A project that is helping to reduce the number of hospital-acquired pressure injuries at Sarah Bush Lincoln is gaining national recognition.
A collaborative study spearheaded by Respiratory Care Manager Lexie Caraway and Wound Care Nurse Practitioner Kaitlin Denson was recently published by the American Association for Respiratory Care after its success in reducing the number of respiratory device-related pressure injuries at SBL. Caraway is scheduled to present the study at AARC’s Virtual Open Forum in December.
The pair established a multidisciplinary team and established new prevention protocols, which included taking thermographic imaging photos of patients upon hospital admission to detect areas of the skin that are prone to developing deep tissue injuries, and then started preventive measures before any skin abnormalities appeared.
While respiratory medical device pressure injuries accounted for 27 percent of all hospital-acquired pressure injuries at SBL in fiscal year 2019, there have been no hospital-acquired injuries related to respiratory devices in fiscal year 2020.
“I’m so excited to present this to AARC. In respiratory therapy, thermal imaging is brand new. No one else is doing this!” Lexie said.
In her mission to reduce pressure injuries hospital-wide, Kaitlin credits Sarah Bush Lincoln for having the foresight to purchase a thermal imaging camera for the detection of pressure wounds. “These wound care cameras are cutting edge, and Sarah Bush Lincoln was the first hospital in Illinois to use this technology,” she said. “We have a new protocol where we take pictures upon admission, because there’s data that suggests that temperature changes happen before visual changes do in pressure injury development, so we can begin preventive treatment right away.”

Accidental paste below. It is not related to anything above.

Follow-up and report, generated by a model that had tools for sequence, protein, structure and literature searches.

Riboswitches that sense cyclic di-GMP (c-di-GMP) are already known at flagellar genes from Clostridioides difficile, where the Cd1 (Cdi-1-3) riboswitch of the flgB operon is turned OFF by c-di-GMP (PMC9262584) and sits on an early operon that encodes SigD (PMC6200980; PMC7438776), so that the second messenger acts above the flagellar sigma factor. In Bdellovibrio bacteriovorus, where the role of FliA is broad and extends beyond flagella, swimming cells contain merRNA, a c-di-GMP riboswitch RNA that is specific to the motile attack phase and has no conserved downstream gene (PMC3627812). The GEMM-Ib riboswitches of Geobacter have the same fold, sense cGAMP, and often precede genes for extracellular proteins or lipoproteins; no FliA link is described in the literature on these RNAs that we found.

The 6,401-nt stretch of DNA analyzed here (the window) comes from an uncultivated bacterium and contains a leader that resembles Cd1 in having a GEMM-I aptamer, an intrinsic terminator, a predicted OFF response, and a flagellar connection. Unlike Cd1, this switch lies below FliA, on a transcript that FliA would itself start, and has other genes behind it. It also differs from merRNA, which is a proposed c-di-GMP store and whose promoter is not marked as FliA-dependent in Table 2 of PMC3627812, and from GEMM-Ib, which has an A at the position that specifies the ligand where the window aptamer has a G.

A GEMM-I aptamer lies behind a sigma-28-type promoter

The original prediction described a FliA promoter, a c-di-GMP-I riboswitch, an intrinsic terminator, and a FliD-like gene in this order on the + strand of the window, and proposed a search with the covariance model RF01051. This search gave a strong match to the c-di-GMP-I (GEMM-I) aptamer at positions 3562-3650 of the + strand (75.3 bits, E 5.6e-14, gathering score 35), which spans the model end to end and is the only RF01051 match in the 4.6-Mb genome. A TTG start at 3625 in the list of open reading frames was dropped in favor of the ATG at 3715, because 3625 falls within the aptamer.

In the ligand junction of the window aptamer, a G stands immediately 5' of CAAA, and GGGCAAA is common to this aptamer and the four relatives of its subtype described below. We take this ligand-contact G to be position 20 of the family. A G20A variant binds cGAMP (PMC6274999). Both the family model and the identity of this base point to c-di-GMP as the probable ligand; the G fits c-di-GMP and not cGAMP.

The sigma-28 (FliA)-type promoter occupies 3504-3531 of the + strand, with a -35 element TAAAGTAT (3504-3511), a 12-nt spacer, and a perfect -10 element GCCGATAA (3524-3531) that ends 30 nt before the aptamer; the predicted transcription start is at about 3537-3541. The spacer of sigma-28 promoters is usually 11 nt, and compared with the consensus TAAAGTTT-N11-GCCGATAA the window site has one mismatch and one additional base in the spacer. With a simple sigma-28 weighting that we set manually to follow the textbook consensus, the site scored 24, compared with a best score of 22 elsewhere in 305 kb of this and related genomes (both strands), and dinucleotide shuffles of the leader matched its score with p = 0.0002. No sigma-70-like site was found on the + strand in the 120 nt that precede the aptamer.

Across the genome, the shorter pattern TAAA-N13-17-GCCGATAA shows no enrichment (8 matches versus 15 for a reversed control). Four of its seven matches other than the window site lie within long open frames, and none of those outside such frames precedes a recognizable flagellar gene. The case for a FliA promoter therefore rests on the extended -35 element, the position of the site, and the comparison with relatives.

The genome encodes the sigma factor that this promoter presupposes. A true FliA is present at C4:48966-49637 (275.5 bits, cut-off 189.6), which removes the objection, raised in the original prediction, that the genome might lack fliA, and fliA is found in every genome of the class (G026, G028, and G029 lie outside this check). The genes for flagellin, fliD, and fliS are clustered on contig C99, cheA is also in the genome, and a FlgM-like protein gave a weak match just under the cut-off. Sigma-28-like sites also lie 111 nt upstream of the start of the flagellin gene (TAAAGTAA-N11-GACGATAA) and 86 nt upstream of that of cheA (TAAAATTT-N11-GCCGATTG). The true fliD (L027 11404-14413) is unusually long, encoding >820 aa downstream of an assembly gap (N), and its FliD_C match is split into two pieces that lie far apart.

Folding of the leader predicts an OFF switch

Kaitlin credits Critical Care nurses Terri Gardner and Toni Lampe, and Respiratory Therapist Billee Carman for making an important discovery when they took a thermal image of a patient who was dependent on a home-use respiratory device. “We thought this would be a great project to see if our patients who are using respiratory devices at home [such at CPAP machines] are coming in with temperature changes, so we could start prevention protocols on them too,” Kaitlin said. “It’s critical to catch the sores early, because once they start, they typically progress into deeper ulcers that take a long time to heal and that have the potential to become infected.”
As part of the admission questionnaire, respiratory therapists now learn which patients are using at-home respiratory devices, so they can take baseline, thermal images of their faces. The photos are reviewed by wound care nurses and prevention measures are started at once, whether or not the patients have skin abnormalities at the time.
Additionally, “whenever patients are started on BiPap or non-invasive ventilation, we now apply skin prep and add some extra padding underneath their devices,” Lexie said. “Skin care was not one of our top concerns, but now it is. As soon as Kaitlin made us aware of the issue, we started looking at different products to help prevent wounds. The respiratory therapy department is excited about being part of the solution.”